The “Respects Your Freedom” computer hardware product certification program encourages the creation and sale of hardware that will do as much as possible to respect your freedom and your privacy, and will ensure that you have control over your device.
Here are the requirements. It looks like if you use Eagle you can’t be certified, it’s a little unclear if you can use Mac or Windows to make the open hardware even if you use free tools, we’re going to check out the list of requirements.
Here’s an interesting requirement…
…the seller must talk about “free software” more prominently than “open source.
FSF & hardware seems to be diverging (or converging?) from past statements by FSF’s Richard Stallman.
Because copying hardware is so hard, the question of whether we’re allowed to do it is not vitally important. I see no social imperative for free hardware designs like the imperative for free software – Richard Stallman — On “Free Hardware”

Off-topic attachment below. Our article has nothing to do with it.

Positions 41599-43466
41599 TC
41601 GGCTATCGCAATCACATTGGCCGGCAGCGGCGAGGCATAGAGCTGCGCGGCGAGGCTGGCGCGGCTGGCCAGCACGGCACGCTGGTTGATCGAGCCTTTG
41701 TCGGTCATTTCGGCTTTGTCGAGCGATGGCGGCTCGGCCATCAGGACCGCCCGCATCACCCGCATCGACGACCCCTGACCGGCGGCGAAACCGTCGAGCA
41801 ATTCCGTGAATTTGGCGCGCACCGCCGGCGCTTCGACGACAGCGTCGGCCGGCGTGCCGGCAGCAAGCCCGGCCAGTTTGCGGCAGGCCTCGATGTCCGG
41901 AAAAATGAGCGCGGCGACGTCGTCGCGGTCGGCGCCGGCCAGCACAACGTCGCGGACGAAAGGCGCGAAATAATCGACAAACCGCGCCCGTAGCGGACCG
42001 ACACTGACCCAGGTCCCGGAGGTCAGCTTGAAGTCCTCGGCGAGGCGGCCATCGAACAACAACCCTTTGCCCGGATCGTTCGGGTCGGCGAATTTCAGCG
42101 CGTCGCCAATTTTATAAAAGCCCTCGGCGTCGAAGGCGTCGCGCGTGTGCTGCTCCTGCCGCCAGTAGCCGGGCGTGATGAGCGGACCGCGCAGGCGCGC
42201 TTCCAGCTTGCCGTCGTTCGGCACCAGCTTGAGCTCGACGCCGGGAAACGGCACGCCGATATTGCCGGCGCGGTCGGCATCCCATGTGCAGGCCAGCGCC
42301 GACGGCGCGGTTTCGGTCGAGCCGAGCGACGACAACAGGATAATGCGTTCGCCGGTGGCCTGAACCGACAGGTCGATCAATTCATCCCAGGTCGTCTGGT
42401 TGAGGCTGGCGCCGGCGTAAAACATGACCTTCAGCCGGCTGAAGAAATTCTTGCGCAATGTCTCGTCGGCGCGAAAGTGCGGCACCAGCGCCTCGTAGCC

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I’m not sure I follow how Eagle would break the requirements in a hardware scenario. Eagle is not software that you’d steer a user of a hardware product towards. Eagle is not needed to USE a hardware product. You only need it if you want to make a copy of the hardware itself.
Particularly in light of the fact that they make exceptions for non-free software for stuff like FPGA gate patterns, it seems like a hardware circuit designed in Eagle should be fine.
Royce: By that logic then using Alitum Designer or (shoot me now) Cadence should be ok.
I’m more put off by the “bounty for voilations” and the “free software” vs. “open source” (lets not even talk about the GNU/Linux BS).
It almost seems that since BSD and GPL licensed stuff has hit mainstream the FSF has decided they need to push harder.
An FSF guy left a comment over at Hack-A-Day that clinches it, I think. No requirements on hardware design files. You don’t even have to provide them at all.